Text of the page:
Nair: Ford Considering CVTs For Future Applications
December 9th, 2014 4:12 AM Share
Ford is considering giving the B&B’s least favorite transmission type another go for future applications.
Automotive News reports global product development boss Raj Nair said as much during a media event in Detroit. Though Ford hasn’t had much success with CVTs in the past — the last models to use the transmission were the Five Hundred, Freestyle and Mercury Montego back in 2007 — the automaker is “taking another look, particularly in low torque applications” such as the Fiesta SFE, whose 1-liter EcoBoost is only available with a manual transmission.
As for where Ford will get its new CVTs, Nair didn’t say if the transmission type would be made in-house or obtained from a supplier, as was the case with ZF Friedrichshafen AG in 2007.
Published December 9th, 2014 6:00 AM
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7 of 36 comments
I'll rock the boat a bit and say that the transmission I prefer most a one-speed attached to an electric motor. The only reason we have transmissions at all is because the engine doesn't have the combo of operating range (particularly at ultra low speeds) & torque to power a vehicle across its whole speed range. The transmission is a band aid to address that shortcoming.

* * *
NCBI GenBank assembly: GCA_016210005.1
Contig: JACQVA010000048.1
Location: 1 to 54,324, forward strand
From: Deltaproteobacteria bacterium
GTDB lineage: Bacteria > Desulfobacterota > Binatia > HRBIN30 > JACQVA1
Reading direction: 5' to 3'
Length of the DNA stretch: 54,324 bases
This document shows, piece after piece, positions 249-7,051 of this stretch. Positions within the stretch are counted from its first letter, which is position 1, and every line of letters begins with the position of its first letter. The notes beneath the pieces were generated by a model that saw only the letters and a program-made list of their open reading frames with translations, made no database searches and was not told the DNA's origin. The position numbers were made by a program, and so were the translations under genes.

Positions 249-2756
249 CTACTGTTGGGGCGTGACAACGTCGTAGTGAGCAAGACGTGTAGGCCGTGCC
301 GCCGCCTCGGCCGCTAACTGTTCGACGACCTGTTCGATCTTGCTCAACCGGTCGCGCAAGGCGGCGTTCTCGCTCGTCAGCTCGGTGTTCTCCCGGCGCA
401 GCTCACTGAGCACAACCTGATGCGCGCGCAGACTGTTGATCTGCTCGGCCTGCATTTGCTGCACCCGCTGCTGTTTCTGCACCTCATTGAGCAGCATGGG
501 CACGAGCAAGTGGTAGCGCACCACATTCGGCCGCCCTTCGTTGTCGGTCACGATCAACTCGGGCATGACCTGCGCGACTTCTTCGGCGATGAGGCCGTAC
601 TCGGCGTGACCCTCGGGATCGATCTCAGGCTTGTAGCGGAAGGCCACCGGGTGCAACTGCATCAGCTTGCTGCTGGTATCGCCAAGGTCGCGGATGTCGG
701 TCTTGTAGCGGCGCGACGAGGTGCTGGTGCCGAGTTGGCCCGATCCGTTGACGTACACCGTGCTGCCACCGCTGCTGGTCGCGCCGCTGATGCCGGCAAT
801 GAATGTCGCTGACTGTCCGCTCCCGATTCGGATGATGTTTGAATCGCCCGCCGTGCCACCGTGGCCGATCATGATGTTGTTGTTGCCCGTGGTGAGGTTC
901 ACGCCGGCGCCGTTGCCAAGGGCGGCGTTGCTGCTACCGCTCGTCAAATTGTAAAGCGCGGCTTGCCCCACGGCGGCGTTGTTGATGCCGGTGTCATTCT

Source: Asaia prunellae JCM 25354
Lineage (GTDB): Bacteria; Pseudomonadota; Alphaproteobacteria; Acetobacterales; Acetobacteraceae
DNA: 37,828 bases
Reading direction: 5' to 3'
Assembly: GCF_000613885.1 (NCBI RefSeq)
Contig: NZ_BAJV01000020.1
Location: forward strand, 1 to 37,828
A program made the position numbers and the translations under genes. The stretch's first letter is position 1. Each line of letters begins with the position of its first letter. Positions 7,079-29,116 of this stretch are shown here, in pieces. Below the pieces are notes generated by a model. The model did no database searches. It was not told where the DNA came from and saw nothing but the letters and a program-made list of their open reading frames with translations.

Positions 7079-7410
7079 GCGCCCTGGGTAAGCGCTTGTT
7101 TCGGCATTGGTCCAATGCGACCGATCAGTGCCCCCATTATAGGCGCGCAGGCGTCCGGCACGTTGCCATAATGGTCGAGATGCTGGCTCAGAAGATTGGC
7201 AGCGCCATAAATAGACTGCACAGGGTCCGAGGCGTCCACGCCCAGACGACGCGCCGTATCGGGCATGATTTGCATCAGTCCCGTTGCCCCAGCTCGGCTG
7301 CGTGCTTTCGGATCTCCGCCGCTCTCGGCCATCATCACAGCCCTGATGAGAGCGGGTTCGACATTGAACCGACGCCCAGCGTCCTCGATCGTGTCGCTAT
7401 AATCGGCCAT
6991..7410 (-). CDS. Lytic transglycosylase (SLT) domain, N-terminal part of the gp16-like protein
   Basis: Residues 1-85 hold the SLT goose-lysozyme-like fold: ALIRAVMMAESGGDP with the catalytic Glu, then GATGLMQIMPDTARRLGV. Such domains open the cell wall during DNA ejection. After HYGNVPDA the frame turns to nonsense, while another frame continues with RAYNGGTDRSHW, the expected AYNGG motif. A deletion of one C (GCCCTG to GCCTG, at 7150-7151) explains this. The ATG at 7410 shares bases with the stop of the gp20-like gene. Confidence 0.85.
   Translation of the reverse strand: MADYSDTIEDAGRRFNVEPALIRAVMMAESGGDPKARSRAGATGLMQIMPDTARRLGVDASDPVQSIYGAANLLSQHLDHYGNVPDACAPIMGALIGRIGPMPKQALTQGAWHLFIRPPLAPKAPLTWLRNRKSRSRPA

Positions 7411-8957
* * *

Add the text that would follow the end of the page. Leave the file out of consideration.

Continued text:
I'm starting to appreciate the CVT in my 2014 Accord. Achieves excellent fuel economy in actual suburban traffic while being reasonably responsive to accelerator pedal inputs. Probably the right choice for a car primarily used for commuting.
I feel like either CVT or Powershift would be a fine transmission if they just stuck with one and improved it over time. We have a Powershift '14 Focus and haven't had any issues with it, though we are past the build dates of the original seal that seems to have caused issues in early ones. For my Fiesta, I opted for the 5spd manual, really it wasn't an option for me. I did have to dealer trade for it, we don't order many manuals for our stock. To get a fully loaded Titanium you'd almost have to factory order, and you might as well if you're spending the extra money, get what you want.
Good! Nissan extracts astonishing real-world highway MPG from the Altima simply by using a CVT. This enables them to keep using a very big non-turbo 4-cylinder, which -- compared to an alternative MPG strategy, the Fusion's 1.5 liter turbo four -- is less expensive to build, buy, maintain, and repair, and is more responsive from a dead stop as well. Put both strategies together, though -- Ford's tiny turbomotors and a decent CVT -- and you'd surely see some impressive MPGs. Like others, I've had delightful experiences with eCVTs in hybrids, and conventional CVTs in Nissan products (in the Altima more so than the Maxima).